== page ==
On two health-oriented trips to Cuba in the past year, what struck me was a systematically planned and organized primary care delivery system that captured the doctor-patient relationships of my father’s era of medical practice. Cuba treats healthcare as a human right, specifically stipulated in its constitution. Cuban nationals receive care for free, and have a neighborhood primary care physician who often knows them by name and sees them regularly.
The doctors are paid paltry amounts, many having second jobs. But in my conversations with them, they reflect love for their work and a palpable passion about caring for their patients. In turn, the patients trust and respect their conveniently-located and easy-to-reach doctor, go to them early in the course of an illness without financial barrier, and are likely to follow their recommendations.
Through easy accessibility of frontline doctors who can intervene early in a course of illness, Cuba has effectively implemented preventive medicine, something we as Americans are just now trying to incorporate into a new culture of health. Indeed, Cuba boasts some of the highest rates of childhood vaccinations, and its citizens are much more likely to die of cancer or heart disease than the communicable diseases associated with other poor countries. As I previously observed:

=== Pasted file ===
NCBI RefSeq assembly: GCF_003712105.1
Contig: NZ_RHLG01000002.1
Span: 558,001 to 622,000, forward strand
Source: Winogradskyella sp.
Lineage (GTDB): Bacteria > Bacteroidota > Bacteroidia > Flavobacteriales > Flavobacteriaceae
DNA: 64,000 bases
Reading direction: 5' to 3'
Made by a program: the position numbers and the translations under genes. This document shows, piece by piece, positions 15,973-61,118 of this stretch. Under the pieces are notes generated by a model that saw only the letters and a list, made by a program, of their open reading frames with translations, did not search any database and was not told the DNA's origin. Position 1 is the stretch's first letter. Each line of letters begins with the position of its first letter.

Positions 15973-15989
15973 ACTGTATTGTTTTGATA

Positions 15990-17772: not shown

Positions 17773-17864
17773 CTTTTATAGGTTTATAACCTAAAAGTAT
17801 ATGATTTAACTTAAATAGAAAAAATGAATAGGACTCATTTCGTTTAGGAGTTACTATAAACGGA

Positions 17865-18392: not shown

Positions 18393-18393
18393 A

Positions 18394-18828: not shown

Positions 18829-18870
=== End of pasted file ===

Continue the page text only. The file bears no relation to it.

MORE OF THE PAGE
The [Cuban] system works well, and it’s easy to see why. An overweight or genetically-vulnerable 33-year-old may have early signs of hypertension and a creeping blood glucose level. In the U.S.—with lack of access to or emphasis on preventative primary care—this patient may not even begin seeing a physician regularly until he starts to feel overly fatigued at 42 or has his first heart attack at 49. At that point, the damage is well underway. He will start multiple blood pressure medications, a medication for diabetes, and may need procedures as well. But catching a pre-hypertensive blood pressure in the patient’s early 30s, initially trying weight loss followed by a single blood pressure agent and titration over the next decade will likely prevent that first heart attack. The patient may still go on to die from heart failure, but it might be at 85 instead of 65 and he may largely avoid many of the medical complications of his disease by catching and intervening early.